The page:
Kiyotakiji Temple is the heart that draws clear water
Wave feathers on the rocks
In 1900, when the tower was built at Kiyotakiji Temple, two sets of ceiling paintings by the underground painter Kubo Nanso, “Koryu-zu” (Imperial Dragon) and “Tenyo” (Celstial Maiden) were dedicated. The dragon continues on the two sides of the center, and the celestial maiden is drawn on the left and right sides of the dragon. In recent years, the “Tenyo” has been damaged by animals and has been transferred to the Treasure Museum.
Kubo Nansou (1848-1917) learned from Hirose Doi, privately with Aoki Nammei, and with Nambu and his reputation as a local painter improved. * Image 1
15m in height including the main hall and the pedestal. Donated by a paper manufacturer in 1958, Showa era year 8. You can go around the pedestal in 88 steps.
The history and origin of Kiyotakiji
The northern part of Tosa city. Located on the hillside of Mt. Mio, this is Kochi prefecture’s paper known for its Tosa Washi and handmade shoji paper. If you trace the source, you will find that it is a sacred place with Kobo Daishi and has an inseparable relationship. It is a place of great religion that reveals the “Mitsumata” (trident) and is an important source of water for making Japanese paper.
According to Engi, Gyoki Bodhisattva came here by pilgrimage in year 7 of the Yōrō era, and in this area he sensed the spirit and carved the statue of Yakushi Nyorai. It is said that this was the principal building of the temple and that it opened at the beginning with the name “Keizan-mitsuin / Taku-mokujii”. Kobo Daishi visited during the Kōnin era (810-24). He built a platform on a rock about 300m above the main hall and prayed for the good harvest of the five grains and practiced 17 days of training for the Akai Gongen (water offering ritual) and the Ryuo Gongen (dragon king ritual). When he pierced the platform with his priest’s staff on the day of the fulfilment of vows, water sprang forth out from above the stone and turned into a mirror-like pond. Therefore, the name of the mountain, the name of the temple, were changed as they are now, making it a sacred place.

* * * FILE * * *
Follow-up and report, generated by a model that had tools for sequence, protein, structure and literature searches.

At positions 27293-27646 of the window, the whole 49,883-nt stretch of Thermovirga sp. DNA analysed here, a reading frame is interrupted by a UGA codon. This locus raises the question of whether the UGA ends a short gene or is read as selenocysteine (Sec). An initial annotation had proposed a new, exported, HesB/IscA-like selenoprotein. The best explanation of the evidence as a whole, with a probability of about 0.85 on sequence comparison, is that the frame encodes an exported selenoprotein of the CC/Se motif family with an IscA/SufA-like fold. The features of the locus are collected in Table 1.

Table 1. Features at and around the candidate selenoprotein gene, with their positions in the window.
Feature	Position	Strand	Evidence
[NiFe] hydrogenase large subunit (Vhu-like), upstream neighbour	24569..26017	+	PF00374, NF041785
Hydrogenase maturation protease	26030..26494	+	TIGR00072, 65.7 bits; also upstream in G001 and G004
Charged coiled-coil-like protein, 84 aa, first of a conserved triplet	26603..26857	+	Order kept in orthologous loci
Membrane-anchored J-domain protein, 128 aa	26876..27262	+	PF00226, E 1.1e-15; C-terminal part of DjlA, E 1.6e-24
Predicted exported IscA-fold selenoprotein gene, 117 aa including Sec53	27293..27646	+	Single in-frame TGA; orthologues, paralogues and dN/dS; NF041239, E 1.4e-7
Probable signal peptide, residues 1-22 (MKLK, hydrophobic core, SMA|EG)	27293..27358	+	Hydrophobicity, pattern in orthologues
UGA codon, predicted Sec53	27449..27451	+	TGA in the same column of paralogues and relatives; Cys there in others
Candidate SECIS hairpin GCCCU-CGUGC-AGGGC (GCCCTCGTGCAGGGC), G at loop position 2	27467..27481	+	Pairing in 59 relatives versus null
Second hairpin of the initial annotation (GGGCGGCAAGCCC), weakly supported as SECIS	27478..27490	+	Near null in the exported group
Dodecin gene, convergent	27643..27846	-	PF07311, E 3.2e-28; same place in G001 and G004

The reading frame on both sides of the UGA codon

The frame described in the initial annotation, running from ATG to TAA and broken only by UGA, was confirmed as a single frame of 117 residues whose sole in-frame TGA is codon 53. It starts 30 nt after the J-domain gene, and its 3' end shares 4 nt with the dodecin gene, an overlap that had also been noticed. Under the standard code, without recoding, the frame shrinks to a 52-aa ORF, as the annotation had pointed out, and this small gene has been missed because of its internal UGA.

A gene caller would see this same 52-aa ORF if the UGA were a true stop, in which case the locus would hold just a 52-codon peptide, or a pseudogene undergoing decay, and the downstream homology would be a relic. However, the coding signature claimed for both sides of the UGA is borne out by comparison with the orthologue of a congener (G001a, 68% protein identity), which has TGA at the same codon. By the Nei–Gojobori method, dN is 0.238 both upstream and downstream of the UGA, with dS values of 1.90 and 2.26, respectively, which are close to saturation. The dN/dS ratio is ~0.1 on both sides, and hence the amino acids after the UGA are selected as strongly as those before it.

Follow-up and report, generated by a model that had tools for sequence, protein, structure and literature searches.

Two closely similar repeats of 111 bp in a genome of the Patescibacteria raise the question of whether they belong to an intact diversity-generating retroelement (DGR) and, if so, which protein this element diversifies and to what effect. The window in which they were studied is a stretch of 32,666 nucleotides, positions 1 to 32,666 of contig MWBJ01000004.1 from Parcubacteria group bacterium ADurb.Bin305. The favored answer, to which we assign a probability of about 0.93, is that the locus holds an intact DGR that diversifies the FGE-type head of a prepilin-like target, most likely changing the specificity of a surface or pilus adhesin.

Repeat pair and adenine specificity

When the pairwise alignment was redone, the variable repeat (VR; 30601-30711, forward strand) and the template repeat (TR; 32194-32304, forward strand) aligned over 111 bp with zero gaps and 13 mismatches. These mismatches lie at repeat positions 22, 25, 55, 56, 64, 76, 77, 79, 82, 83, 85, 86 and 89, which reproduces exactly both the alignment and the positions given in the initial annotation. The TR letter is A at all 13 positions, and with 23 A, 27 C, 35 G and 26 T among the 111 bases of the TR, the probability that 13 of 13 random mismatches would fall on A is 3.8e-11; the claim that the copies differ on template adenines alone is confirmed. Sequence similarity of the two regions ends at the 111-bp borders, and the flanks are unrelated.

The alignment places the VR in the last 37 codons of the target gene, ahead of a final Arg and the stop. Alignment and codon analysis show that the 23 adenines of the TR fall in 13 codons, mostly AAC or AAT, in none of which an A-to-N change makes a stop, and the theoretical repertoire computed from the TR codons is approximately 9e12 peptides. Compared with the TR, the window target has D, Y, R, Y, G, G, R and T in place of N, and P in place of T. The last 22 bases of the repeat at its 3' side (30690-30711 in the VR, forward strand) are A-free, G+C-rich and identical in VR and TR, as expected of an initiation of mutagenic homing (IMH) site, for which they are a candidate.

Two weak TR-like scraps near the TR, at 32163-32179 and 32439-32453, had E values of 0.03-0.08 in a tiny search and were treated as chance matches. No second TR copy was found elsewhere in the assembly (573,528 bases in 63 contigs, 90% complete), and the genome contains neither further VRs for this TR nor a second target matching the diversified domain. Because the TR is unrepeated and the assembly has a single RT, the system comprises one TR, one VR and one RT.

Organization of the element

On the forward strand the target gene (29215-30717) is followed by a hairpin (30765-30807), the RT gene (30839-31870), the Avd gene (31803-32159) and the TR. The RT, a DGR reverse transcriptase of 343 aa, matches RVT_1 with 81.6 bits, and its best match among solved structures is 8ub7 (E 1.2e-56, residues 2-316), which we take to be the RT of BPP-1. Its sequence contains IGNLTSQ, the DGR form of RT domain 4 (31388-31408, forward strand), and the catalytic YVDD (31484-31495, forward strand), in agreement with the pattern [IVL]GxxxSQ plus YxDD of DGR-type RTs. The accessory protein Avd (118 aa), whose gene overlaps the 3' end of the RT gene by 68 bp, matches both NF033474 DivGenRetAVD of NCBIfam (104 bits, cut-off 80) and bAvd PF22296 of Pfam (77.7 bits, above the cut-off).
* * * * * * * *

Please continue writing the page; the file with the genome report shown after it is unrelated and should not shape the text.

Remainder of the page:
This water not only irrigates the paddy fields, but also reveals the “Mitsumata” (trident) and was useful in paper-making, and eventually contributed to the Tosa Washi industry.
In Buddhist legend, the third prince of Emperor Heijō (reigned 806-09) left his house to tell of Kobo Daishi’s dream and was named Shinnyo (Tathata-“the ultimate nature of all things”). Shinnyo visited this temple, prayers were said for the increase in health and prosperity and protection from disaster, he reconstructed the 5-ring tower, and later envoys with the Tang Dynasty began. One of Daishi’s ten apprentices was there. Also, during the Edo period, the Tosa lord was heavily relied on, and received a donation from the temple territory.
It is a famous temple for praying for the eradication of bad luck and ill omens, and its symbol is a large statue of Yakushi Nyorai, which is higher than the main building roof.
The highlights of Kiyotakiji
Honjo, Amulet Yakushi Nyorai Statue, Inverse Tower (A tower that scourge yourself before life. It is now regarded as a “exclusive access mountain”.)
Temple 35 Fudasho: Iouzan Kyouchiin Kiyotakiji
- Shingon Buddhist Toyoyama School
- Yōrō 7th year (723)
- On korokoro sendari matōgi sowaka
- Takaokacho Tei 568-1 Tosa, Kochi 781-1104
Turn left on National Route 56 from Tosa Interchange. Turn right at the next traffic light and go straight. About 3km.
⇒ Google map